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|Sensitive information of 21.5 million individuals - applicants for security clearances and their relatives - was stolen from the background investigation databases, including approximately 5.6 million fingerprints. Moreover, OPM discovered that personnel data such as the name, birth date, home address and Social Security Numbers of 4.2 million current and former Federal government employees had been stolen.<ref>[https://www.opm.gov/cybersecurity/cybersecurity-incidents/ “CYBERSECURITY INCIDENTS“], Office of Personnel Management. </ref>
 
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! scope="row"|Aftermath
 
! scope="row"|Aftermath
|OPM Director Katherine Archuleta as well as OPM chief information officer Donna Seymour resigned.<ref>[https://archive.org/stream/ReportFromTheCommitteeOnOversightAndGovernmentReformOnTheOPMBreach/Report%20from%20the%20Committee%20on%20Oversight%20and%20Government%20Reform%20on%20the%20OPM%20Breach_djvu.txt “Report from the Committee on Oversight and Government Reform on the OPM Breach”] (September 7, 2016), Committee on Oversight and Government Reform, U.S. House of Representatives.</ref> Furthermore, two federal employee unions and several individuals sued OPM and KeyPoint for a violation of a constitutional right to informational privacy. The trial is still ongoing but so far the courts keep deciding that this constitutional right was not violated.<ref>Amelia Brust, David Thornton, [https://federalnewsnetwork.com/opm-cyber-breach/2019/06/appeals-court-rules-opm-data-breach-left-people-vulnerable-to-harm/ “Appeals court rules OPM data breach left people vulnerable to harm”] (June 27, 2019), Federal News Network.</ref>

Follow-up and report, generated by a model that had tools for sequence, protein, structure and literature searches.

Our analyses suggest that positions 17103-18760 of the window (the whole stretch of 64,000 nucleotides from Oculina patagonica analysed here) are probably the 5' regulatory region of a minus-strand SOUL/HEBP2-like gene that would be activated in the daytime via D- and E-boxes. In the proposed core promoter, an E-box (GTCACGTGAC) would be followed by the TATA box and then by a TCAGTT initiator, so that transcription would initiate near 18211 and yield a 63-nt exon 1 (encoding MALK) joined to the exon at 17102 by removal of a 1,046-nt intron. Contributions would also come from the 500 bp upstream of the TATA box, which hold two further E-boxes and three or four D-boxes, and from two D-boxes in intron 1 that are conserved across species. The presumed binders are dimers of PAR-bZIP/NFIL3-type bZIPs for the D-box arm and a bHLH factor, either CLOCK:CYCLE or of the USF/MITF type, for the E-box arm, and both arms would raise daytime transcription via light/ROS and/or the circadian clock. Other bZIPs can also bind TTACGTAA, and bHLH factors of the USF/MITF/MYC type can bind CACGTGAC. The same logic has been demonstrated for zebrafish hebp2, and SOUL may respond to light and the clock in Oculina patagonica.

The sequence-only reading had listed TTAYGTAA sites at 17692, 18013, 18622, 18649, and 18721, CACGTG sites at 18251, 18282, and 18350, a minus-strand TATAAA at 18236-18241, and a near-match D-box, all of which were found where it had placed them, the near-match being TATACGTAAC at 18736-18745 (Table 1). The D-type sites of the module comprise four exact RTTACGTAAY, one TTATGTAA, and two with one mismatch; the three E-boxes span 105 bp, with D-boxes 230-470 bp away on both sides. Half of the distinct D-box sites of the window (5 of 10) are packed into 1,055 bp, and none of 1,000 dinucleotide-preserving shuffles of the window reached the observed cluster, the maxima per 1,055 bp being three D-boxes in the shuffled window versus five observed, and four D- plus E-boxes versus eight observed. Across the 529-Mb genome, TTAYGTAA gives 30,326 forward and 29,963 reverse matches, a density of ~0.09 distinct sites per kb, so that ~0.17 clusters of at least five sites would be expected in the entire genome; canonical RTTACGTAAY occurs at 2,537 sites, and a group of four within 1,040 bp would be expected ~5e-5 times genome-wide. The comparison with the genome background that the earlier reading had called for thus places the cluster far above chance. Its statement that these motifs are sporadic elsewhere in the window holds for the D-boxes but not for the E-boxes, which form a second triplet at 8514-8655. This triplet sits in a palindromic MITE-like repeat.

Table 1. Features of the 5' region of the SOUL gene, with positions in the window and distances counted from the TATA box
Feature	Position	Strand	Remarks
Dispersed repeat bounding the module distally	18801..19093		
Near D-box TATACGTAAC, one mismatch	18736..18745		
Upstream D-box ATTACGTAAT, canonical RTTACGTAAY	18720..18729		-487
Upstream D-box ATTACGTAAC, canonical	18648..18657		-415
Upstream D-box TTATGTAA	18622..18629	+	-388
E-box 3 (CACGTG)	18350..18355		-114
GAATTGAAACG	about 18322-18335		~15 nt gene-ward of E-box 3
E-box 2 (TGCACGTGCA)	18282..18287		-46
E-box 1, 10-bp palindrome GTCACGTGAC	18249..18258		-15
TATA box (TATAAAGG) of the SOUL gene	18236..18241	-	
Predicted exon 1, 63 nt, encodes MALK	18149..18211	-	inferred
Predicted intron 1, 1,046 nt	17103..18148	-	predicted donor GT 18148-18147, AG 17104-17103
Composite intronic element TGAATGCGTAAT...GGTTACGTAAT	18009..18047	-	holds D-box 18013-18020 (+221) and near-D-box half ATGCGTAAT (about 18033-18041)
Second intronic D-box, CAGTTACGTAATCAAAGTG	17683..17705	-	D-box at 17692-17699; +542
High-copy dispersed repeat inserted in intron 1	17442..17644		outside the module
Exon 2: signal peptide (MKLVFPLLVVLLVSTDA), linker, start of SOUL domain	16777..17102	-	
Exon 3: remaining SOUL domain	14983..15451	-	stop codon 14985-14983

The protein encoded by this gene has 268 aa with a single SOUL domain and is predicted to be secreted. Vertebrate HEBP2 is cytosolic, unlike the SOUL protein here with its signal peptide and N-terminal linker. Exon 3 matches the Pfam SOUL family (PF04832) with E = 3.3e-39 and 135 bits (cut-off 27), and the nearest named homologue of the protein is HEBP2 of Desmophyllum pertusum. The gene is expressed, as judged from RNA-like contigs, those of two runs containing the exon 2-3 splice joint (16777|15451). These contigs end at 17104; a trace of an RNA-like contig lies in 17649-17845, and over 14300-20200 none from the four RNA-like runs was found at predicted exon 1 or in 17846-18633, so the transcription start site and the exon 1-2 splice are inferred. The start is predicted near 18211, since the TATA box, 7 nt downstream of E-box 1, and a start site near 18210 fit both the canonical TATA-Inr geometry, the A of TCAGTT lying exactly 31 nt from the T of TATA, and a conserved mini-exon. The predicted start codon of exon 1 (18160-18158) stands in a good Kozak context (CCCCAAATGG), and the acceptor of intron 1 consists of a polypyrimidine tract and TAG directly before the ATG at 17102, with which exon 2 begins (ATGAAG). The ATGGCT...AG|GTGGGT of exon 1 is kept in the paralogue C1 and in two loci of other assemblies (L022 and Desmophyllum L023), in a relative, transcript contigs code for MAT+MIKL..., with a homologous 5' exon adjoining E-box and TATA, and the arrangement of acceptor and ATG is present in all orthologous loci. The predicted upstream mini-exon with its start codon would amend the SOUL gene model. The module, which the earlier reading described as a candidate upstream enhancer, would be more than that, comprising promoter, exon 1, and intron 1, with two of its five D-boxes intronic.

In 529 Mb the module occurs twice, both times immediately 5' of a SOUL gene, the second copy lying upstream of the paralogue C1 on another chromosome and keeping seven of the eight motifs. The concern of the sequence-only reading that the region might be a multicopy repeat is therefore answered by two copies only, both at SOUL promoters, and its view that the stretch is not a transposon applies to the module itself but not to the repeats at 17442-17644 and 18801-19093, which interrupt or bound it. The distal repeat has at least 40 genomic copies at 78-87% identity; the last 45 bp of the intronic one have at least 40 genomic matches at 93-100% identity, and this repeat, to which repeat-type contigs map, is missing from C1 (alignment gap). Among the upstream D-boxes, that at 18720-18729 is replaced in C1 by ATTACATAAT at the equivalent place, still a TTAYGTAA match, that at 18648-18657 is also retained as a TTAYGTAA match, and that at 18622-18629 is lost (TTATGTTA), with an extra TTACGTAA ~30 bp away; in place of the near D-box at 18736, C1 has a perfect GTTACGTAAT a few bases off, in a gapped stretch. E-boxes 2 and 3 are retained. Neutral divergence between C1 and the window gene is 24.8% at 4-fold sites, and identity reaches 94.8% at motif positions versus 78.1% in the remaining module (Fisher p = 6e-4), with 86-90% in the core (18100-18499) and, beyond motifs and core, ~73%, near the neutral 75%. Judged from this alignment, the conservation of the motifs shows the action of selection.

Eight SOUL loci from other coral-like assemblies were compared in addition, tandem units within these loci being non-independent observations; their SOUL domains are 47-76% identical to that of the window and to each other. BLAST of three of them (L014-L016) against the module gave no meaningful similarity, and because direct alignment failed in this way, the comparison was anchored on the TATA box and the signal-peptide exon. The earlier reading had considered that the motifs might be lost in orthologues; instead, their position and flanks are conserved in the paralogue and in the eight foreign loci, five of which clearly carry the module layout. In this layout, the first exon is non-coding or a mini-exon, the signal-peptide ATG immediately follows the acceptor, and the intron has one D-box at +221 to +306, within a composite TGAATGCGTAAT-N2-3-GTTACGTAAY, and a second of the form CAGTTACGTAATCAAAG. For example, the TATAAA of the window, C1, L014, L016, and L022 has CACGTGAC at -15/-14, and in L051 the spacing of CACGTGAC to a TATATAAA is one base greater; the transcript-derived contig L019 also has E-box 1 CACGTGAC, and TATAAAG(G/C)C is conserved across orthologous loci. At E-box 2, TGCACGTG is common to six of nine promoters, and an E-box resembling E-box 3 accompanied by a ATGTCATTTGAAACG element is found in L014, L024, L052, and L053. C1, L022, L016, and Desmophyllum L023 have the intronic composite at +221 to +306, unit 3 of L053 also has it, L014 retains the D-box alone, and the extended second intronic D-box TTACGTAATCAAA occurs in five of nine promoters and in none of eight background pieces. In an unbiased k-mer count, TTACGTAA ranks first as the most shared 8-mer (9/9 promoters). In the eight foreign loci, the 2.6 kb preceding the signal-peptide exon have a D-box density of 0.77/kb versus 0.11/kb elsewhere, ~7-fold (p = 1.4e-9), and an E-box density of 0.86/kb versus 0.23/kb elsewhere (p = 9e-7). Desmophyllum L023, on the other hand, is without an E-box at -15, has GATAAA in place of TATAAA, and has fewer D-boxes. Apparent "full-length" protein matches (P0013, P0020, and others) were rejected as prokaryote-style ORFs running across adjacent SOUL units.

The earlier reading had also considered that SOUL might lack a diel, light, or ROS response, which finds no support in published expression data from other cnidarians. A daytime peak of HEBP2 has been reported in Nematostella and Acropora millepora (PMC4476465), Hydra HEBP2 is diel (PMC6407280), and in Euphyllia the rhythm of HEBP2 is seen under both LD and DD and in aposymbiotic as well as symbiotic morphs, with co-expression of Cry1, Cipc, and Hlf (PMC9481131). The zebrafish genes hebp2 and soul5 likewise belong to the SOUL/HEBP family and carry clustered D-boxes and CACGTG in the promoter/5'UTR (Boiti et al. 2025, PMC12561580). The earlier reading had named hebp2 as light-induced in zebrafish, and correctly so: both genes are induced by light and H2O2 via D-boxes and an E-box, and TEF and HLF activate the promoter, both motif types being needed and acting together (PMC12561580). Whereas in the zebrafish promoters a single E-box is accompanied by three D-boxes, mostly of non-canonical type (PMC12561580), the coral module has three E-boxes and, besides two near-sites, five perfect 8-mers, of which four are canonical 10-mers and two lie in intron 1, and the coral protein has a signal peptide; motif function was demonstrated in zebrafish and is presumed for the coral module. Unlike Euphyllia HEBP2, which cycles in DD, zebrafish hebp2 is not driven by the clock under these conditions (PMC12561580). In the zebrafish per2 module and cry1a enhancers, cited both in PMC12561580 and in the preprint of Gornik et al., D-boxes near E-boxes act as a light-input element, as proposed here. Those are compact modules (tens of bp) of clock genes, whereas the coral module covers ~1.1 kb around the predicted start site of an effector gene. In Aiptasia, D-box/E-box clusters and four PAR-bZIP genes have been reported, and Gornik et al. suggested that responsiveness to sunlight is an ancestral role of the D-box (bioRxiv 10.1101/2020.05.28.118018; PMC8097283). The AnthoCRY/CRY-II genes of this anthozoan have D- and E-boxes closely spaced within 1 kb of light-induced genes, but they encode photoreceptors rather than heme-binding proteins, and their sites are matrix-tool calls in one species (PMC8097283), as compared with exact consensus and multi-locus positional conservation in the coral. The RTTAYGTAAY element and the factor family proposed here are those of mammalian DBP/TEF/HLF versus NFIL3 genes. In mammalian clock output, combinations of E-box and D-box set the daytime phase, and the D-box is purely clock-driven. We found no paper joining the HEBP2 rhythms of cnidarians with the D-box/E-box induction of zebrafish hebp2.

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|OPM Director Katherine Archuleta as well as OPM chief information officer Donna Seymour resigned.<ref>[https://archive.org/stream/ReportFromTheCommitteeOnOversightAndGovernmentReformOnTheOPMBreach/Report%20from%20the%20Committee%20on%20Oversight%20and%20Government%20Reform%20on%20the%20OPM%20Breach_djvu.txt “Report from the Committee on Oversight and Government Reform on the OPM Breach”] (September 7, 2016), Committee on Oversight and Government Reform, U.S. House of Representatives.</ref> Furthermore, two federal employee unions and several individuals sued OPM and KeyPoint for a violation of a constitutional right to informational privacy. The trial is still ongoing but so far the courts have found that this constitutional right had not been violated.<ref>Amelia Brust, David Thornton, [https://federalnewsnetwork.com/opm-cyber-breach/2019/06/appeals-court-rules-opm-data-breach-left-people-vulnerable-to-harm/ “Appeals court rules OPM data breach left people vulnerable to harm”] (June 27, 2019), Federal News Network.</ref>